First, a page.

^{[4]}, i.e. $2^n-n-1$. Such results seem anticlimactic at first, however, we may further generalize this concept to rank $k$ triangles where the difference between consecutive elements in the top row of each figure is equal to $2^k$. There is a subtle difference in the construction of triangles of rank two or greater which reveals their hidden uniqueness. After applying the Collatz function, dividing out the $k$-th power of two, and retaining any odd factors from the first row, all subsequent rows are merely divided by two as was done for our rank one case. But before we can begin this process, we must first discuss the arithmetic progressions which form the top row in those figures of greater rank.

The $j$-th term of the $k$-th arithmetic progression is given by the formula

\[ 2^k j + \frac{((-1)^{k-1}+3)2^{k-1}-1}{3} \]

for $j\geq 1$. When the Collatz function is applied to every other term in our chosen progression, it yields an odd number multiplied by $2^k$. Now that we have defined said progressions, the next step is to further generalize our parameters from the rank one case.

The first term of each progression coincides with the odd "Lichtenberg" numbers (entries A000975

^{[5]}/A002450^{[6]}OEIS) such that every number occurs twice, i.e. $\{ 1,1,5,5,21,21, \ ... \ \}$. This sequence can be derived from the formula above by setting $j=1$. We can think of these as the seeds from which the separate ranks of triangles are constructed. They also represent the initial mid-point values that may be used to derive the other mid-points recursively. In order to derive these mid-points we invoke the following piecewise recurrence relation\[ \text{mid}_k(n+1) = \begin{cases} 2\cdot \text{mid}_k(n) + J_k, & k \equiv 1 \ (\text{mod} \ 2) \\ 4\cdot \text{mid}_k(n) + 2^k + 1, & k \equiv 0 \ (\text{mod} \ 2) \end{cases} \]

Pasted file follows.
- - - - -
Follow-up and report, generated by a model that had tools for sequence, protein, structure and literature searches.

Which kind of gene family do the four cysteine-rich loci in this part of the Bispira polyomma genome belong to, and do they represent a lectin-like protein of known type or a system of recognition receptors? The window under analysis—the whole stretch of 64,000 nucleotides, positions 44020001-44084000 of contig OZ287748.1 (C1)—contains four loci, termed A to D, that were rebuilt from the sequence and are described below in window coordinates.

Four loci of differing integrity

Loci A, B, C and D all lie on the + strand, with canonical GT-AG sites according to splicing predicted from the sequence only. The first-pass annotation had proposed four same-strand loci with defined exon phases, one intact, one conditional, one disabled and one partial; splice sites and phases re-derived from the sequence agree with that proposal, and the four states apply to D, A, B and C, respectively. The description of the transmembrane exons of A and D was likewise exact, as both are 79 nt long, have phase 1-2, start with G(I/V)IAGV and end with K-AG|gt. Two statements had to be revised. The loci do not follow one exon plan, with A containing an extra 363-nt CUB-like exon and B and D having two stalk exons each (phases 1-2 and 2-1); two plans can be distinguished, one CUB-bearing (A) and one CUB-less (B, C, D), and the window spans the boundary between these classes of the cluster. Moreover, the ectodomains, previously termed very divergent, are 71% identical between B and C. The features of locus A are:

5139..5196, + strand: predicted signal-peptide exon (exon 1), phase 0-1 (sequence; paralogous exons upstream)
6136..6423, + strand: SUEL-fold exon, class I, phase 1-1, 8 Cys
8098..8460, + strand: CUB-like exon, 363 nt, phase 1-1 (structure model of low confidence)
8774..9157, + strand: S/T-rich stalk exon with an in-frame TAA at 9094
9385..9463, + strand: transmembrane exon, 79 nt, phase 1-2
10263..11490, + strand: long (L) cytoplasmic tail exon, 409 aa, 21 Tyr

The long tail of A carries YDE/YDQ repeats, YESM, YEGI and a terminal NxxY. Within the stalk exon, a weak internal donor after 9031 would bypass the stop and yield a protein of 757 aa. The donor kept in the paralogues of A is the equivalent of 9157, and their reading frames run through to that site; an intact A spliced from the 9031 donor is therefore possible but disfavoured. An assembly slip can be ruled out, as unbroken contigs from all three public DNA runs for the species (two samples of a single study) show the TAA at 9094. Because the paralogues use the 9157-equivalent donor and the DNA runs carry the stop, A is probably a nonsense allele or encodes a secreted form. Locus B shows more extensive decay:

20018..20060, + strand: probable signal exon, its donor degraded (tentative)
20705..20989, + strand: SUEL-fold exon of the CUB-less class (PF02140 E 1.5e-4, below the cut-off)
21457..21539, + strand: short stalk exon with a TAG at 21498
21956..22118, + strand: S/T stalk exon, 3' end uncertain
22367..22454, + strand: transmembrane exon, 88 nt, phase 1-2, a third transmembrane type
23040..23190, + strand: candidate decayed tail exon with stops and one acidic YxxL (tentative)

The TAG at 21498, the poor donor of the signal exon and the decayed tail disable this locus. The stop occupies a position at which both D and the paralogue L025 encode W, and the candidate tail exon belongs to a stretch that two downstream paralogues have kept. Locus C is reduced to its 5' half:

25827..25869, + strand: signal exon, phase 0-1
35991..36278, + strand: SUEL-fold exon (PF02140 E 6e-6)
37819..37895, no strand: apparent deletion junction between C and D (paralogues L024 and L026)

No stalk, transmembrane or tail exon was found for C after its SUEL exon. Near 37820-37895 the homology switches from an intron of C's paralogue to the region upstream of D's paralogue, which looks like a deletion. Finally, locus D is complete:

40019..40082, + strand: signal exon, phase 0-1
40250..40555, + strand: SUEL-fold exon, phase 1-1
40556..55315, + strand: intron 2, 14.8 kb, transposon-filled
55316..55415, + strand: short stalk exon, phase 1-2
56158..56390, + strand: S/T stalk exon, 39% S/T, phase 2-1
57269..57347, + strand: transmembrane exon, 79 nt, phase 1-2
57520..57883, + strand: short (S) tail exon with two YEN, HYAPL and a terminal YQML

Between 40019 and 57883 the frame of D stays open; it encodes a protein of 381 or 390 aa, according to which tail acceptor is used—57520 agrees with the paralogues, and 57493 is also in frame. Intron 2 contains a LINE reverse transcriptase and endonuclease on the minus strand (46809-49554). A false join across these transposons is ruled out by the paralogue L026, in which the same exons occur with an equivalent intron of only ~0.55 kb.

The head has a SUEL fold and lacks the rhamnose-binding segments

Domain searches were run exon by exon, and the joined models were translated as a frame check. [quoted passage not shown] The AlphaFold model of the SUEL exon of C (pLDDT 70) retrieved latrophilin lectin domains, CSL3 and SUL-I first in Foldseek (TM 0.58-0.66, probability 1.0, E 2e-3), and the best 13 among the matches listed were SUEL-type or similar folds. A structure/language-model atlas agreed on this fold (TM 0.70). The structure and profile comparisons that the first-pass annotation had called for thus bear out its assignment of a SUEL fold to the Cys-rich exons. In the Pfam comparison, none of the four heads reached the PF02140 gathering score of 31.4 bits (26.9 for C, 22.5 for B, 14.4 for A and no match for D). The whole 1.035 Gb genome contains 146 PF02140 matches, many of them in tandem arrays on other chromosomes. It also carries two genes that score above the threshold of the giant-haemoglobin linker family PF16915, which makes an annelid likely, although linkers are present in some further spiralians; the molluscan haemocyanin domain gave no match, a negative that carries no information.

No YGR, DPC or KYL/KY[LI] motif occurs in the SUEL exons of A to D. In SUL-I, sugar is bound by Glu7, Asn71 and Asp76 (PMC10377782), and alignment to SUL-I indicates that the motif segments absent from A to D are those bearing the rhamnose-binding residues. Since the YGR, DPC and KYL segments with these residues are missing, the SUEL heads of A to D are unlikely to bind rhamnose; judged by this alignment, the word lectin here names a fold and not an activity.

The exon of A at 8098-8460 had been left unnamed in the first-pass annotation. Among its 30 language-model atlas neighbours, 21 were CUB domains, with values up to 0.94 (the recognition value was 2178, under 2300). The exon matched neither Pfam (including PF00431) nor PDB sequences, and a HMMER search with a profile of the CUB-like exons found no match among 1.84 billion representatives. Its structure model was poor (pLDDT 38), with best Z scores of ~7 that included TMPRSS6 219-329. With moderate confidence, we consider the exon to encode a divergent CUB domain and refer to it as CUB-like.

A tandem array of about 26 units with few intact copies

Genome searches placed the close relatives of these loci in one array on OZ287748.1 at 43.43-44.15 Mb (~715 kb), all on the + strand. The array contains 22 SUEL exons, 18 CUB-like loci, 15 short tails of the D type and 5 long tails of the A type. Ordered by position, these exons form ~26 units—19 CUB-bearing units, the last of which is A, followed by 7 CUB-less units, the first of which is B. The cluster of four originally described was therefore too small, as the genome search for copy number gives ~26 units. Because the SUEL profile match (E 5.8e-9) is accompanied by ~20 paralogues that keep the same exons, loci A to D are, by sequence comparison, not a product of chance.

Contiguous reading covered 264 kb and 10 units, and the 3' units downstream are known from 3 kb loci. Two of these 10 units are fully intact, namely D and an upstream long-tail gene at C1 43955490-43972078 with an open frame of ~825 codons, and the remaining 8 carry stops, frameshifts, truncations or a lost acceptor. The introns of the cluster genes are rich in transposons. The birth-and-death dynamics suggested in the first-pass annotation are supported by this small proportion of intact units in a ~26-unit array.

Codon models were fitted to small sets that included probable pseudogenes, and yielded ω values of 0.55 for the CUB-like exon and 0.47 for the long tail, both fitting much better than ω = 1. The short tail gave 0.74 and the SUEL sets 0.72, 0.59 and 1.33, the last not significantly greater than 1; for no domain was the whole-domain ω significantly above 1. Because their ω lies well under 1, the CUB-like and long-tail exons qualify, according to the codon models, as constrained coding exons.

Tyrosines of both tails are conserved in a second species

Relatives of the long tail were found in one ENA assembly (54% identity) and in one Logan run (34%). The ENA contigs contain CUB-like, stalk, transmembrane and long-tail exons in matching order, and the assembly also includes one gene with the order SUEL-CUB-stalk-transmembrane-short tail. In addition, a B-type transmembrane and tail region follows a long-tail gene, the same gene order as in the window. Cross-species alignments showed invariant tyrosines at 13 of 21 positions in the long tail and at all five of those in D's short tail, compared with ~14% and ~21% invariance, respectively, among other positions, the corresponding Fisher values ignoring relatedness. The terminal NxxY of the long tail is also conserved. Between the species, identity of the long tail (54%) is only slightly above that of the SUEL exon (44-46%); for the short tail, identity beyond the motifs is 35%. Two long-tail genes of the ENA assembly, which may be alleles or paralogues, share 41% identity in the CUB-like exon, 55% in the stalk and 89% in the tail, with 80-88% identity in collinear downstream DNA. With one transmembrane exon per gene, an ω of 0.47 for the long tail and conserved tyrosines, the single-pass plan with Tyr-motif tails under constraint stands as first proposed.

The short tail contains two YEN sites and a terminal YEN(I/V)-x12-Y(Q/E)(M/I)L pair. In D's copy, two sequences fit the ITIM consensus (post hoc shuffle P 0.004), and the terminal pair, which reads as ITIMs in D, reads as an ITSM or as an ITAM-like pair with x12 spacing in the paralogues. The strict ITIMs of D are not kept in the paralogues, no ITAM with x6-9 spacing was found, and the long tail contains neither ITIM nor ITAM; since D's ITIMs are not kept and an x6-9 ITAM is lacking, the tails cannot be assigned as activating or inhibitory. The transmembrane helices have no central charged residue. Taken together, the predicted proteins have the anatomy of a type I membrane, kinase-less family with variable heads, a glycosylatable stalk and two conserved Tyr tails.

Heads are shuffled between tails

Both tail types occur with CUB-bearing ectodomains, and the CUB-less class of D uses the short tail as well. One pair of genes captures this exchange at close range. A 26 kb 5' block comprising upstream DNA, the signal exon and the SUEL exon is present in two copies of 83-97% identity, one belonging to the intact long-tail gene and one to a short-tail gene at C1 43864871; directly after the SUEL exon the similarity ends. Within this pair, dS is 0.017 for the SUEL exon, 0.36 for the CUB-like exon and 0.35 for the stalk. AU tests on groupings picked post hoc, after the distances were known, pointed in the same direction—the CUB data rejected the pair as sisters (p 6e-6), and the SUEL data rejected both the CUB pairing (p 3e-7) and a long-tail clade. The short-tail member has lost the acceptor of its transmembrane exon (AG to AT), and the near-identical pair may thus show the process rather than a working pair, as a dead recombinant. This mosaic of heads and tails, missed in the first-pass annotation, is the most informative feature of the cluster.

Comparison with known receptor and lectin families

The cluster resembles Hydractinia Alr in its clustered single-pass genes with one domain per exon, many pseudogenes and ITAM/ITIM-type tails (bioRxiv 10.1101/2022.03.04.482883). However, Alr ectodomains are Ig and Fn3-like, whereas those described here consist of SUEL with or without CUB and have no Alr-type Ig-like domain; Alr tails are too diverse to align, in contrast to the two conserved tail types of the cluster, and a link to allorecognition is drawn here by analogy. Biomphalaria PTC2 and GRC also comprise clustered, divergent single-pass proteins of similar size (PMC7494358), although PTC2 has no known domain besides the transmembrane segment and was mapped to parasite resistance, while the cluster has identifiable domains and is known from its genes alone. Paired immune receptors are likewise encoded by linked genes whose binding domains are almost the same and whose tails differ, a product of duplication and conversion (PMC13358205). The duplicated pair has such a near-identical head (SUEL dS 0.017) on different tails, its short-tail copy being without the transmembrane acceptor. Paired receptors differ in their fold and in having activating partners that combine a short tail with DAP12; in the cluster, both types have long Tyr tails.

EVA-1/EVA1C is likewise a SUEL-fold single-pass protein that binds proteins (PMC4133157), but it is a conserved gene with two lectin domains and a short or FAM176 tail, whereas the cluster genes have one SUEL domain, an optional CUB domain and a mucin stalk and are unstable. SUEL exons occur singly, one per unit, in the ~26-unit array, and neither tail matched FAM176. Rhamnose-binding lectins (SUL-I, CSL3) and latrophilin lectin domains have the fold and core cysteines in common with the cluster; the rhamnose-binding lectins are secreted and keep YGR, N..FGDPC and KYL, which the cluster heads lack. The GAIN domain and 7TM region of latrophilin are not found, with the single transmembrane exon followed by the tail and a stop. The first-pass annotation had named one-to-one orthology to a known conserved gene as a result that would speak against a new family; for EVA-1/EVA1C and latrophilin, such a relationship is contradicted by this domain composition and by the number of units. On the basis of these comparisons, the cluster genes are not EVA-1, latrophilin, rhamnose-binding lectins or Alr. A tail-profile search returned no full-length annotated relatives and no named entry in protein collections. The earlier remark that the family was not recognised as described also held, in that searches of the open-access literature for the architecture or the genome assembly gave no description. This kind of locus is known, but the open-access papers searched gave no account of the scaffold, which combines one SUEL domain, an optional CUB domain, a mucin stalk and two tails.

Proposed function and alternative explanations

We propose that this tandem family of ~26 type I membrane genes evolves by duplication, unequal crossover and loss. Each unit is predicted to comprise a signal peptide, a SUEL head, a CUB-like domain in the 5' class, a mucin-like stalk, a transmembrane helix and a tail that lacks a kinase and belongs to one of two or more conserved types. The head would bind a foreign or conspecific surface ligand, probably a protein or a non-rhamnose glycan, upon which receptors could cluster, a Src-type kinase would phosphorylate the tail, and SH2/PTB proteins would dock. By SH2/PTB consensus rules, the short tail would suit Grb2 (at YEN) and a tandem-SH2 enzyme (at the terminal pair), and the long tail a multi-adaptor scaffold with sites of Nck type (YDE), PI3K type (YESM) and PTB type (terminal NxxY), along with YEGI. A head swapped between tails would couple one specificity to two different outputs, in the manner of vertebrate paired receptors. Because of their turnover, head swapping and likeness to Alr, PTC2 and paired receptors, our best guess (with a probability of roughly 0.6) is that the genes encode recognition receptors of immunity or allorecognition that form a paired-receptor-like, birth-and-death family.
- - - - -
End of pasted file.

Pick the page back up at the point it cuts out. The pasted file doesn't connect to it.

where $J_k$ is the $k$-th Jacobsthal number (A001045)

^{[7]}. The initial mid-points correspond with the formula\[ \text{mid}_k(1) = \frac{((-1)^{k-1} + 3)2^{k-1} -1 }{3} \ . \]

These do not always coincide with the initial max-point values. For odd ranked triangles the initial mid-point is equivalent to the initial max-point, but for triangles of even rank the initial max-point is equal to one. We can state this more explicitly as

\[ \text{max}_k(1) = \begin{cases} \text{mid}_k(1), & k \equiv 1 \ (\text{mod} \ 2) \\ 1, & k \equiv 0 \ (\text{mod} \ 2) \end{cases} \ . \]

In general for $n>1$ we have the expression

\[ \text{max}_k(n) = \begin{cases} 2\cdot 3^{n-1}-1, & k \equiv 1 \ (\text{mod} \ 2) \\ 2\cdot 3^{2n-2}-1, & k \equiv 0 \ (\text{mod} \ 2) \end{cases} \]

which is a novel result in its own right. These are listed under entry A048473 (OEIS)

^{[8]}, and will be referred to as*Syracuse numbers*. We will return to this sequence in the next subsection. The last three generalized parameters are purely quantitative in nature. They include the height $h_k(n)$, the width $w_k(n)$, and the number of elements $N_k(n)$ in each figure. We can summarize them with the following expressions:

\[ h_k(n) = \begin{cases} n, & k \equiv 1 \ (\text{mod} \ 2) \\ 2n, & k \equiv 0 \ (\text{mod} \ 2) \end{cases} \ , \]